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bus [boolean]
Enables bus system.

About the bus system

The bus system's goal is to allow different OpenKore instances to easily communicate with each other, and to allow external tools to easily communicate with a running OpenKore instance.

The bus is a communication channel which supports broadcast communication as well as private communication. One can compare it to an open street: anyone can shout a message to everybody (broadcast communication) or whisper a message into someone else's ears (private communication).

Furthermore, the bus system is based on discrete messages instead of byte streams.

Examples of using the Bus

$messageID is a string identifier (name) for the message.

$args can be either a reference to a hash or an array that contains only scalar (string or numeric) value's. Which implies that it cannot be a complex datatype.

Send a message in OpenKore

OpenKore acts as a bus client here, using the globally stored variable $bus which holds a Bus::Client object.

use Globals qw($bus);
if ($bus->getState == Bus::Client::CONNECTED) {
	$bus->send($messageID, $args);
  • Check for CONNECTED can be omitted, in that case your message will be queued and will be sent when the Bus connects.

Receive a message in OpenKore

OpenKore acts as a bus client here, using the globally stored variable $bus which holds a Bus::Client object.

use Globals qw($bus);

my $on_message_received;


sub bus_message_received {
	my (undef, undef, $message) = @_;
	if ($message->{messageID} eq $messageID) {
		# its a message we're interested in (having $messageID name)
		# $args is at $message->{args}

$on_message_received = $bus->onMessageReceived->add(undef, \&bus_message_received);



Standalone script

Everything is the same as above, the only difference is that you need to start the Bus and iterate it in your main loop. (which kore does for you) Because bus clients can communicate with each other, a script like this can communicate with an OpenKore bus client. (ex. Such bus script could be your interface to send SMS text-messages from your kore instances)

#!/usr/bin/env perl
use lib '<path to OpenKore src dir>';

use Bus::Client;
use Bus::Handlers;

use constant BUS_USER_AGENT => 'Meaningful name of your script';

# use this to connect to local bus server, otherwise specify host and port
my $bus = new Bus::Client(host => undef, port => undef, userAgent => BUS_USER_AGENT);
my $bus_message_handlers = new Bus::Handlers($bus);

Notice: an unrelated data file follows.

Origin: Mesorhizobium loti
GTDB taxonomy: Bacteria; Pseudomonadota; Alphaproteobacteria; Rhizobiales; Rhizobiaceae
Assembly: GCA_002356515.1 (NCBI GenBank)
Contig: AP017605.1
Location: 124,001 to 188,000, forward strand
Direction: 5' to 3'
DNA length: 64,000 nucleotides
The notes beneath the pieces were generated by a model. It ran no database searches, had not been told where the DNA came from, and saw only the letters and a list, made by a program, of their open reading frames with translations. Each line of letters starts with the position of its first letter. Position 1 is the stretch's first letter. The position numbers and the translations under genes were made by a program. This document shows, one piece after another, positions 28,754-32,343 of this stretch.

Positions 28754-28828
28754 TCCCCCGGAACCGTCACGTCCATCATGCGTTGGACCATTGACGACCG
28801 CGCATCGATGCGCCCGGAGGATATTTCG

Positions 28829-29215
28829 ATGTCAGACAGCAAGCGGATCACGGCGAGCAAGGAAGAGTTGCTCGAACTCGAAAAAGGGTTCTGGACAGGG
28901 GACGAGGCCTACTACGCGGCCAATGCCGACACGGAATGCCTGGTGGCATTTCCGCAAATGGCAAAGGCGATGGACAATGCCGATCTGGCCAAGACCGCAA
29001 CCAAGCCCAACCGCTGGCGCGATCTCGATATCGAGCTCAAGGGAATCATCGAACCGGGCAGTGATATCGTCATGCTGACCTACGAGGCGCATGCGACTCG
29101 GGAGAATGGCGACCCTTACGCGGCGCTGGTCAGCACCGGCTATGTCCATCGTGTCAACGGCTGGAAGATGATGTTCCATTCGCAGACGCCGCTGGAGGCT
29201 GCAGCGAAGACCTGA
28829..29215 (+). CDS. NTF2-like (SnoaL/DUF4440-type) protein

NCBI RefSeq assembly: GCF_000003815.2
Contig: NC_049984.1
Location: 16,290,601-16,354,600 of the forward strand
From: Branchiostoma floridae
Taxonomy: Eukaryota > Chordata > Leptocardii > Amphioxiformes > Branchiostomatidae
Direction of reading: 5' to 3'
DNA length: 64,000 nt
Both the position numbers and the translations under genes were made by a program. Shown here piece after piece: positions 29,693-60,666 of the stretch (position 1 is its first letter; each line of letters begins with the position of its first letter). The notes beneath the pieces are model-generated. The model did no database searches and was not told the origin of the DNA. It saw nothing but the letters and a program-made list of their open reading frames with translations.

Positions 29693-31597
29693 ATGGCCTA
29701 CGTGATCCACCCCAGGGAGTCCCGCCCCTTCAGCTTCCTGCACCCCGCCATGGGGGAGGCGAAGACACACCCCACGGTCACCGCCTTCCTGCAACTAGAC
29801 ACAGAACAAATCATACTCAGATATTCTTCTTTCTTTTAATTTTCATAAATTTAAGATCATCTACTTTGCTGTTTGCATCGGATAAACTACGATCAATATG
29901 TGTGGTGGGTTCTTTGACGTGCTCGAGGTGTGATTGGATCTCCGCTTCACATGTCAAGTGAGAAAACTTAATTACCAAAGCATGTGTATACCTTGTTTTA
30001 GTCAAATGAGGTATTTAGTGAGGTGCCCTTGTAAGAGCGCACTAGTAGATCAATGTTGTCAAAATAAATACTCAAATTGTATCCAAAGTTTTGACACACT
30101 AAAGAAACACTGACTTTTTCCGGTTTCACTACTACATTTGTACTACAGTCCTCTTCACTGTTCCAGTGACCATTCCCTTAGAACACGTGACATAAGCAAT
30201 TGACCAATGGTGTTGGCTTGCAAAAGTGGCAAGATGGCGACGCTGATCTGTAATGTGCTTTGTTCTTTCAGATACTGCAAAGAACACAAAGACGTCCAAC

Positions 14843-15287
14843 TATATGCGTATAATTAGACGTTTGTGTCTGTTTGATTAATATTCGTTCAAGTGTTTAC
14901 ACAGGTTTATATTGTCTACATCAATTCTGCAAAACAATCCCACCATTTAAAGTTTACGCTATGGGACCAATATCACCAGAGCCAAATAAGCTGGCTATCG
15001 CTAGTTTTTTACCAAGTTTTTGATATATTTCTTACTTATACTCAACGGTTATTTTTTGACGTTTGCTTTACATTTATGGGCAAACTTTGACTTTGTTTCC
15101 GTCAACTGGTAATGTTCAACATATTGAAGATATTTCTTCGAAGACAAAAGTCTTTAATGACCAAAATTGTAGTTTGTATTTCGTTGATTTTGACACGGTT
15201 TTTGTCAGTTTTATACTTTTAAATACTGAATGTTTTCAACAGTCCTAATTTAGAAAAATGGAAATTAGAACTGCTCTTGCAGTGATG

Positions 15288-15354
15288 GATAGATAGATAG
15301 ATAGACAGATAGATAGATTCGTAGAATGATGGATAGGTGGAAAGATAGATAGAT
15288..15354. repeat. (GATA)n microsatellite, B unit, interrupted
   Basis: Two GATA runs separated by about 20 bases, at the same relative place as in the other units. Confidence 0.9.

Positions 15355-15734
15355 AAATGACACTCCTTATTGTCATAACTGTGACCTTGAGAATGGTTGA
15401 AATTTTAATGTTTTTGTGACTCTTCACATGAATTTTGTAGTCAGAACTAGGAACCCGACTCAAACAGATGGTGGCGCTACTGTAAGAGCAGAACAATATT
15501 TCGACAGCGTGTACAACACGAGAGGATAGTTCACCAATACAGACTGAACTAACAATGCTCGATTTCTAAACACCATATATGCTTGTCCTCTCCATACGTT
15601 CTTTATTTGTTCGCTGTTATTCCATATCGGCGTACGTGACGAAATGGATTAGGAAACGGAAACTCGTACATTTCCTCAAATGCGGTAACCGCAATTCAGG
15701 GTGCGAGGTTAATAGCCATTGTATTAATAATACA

# (add here listener for receiving Bus messages, if needed)

while () {
	# (add here your code, and send Bus messages, if needed)
	sleep 1;

Known messages and their fields

Common Fields

  • FROM — only in server→client messages, contains sender's ID (added automatically by the server)
  • TO — only in client→server messages, makes a private message to the client with ID specified
  • SEQ
  • IRY

Bus Server-related


Internal message. Not intended to be used outside Bus modules.


Server's broadcast about new connected client.

  • clientID — server given client ID (unique for each client in one server session)
  • name — server given client name (unique for each client in one server session)
  • userAgent — client's user agent
  • host — client's host


Client's request to list all connected clients.


Server's reply to LIST_CLIENTS

  • client0 — server given client ID
  • clientUserAgent0 — client's user agent
  • ...


Server's report of failed private message delivery.


Server's report of failed private message delivery due to absence of client with specified ID.



  • dialogID
  • reason


  • dialogID



Default handlers


Move to the specified point.

  • field
  • x
  • y

Starting the Bus Server

There are two methods for starting the Bus Server: Automatically start it with your (first) openkore instance, with the proper switches in sys.txt, or Manually, initiating the server from the command line.


  • On a machine with multiple instances of Openkore running, the first instance with "bus 1" in sys.txt that starts will load the bus server. All other instances will check for the port number saved in your temporary directory, and connect to the same Bus Server.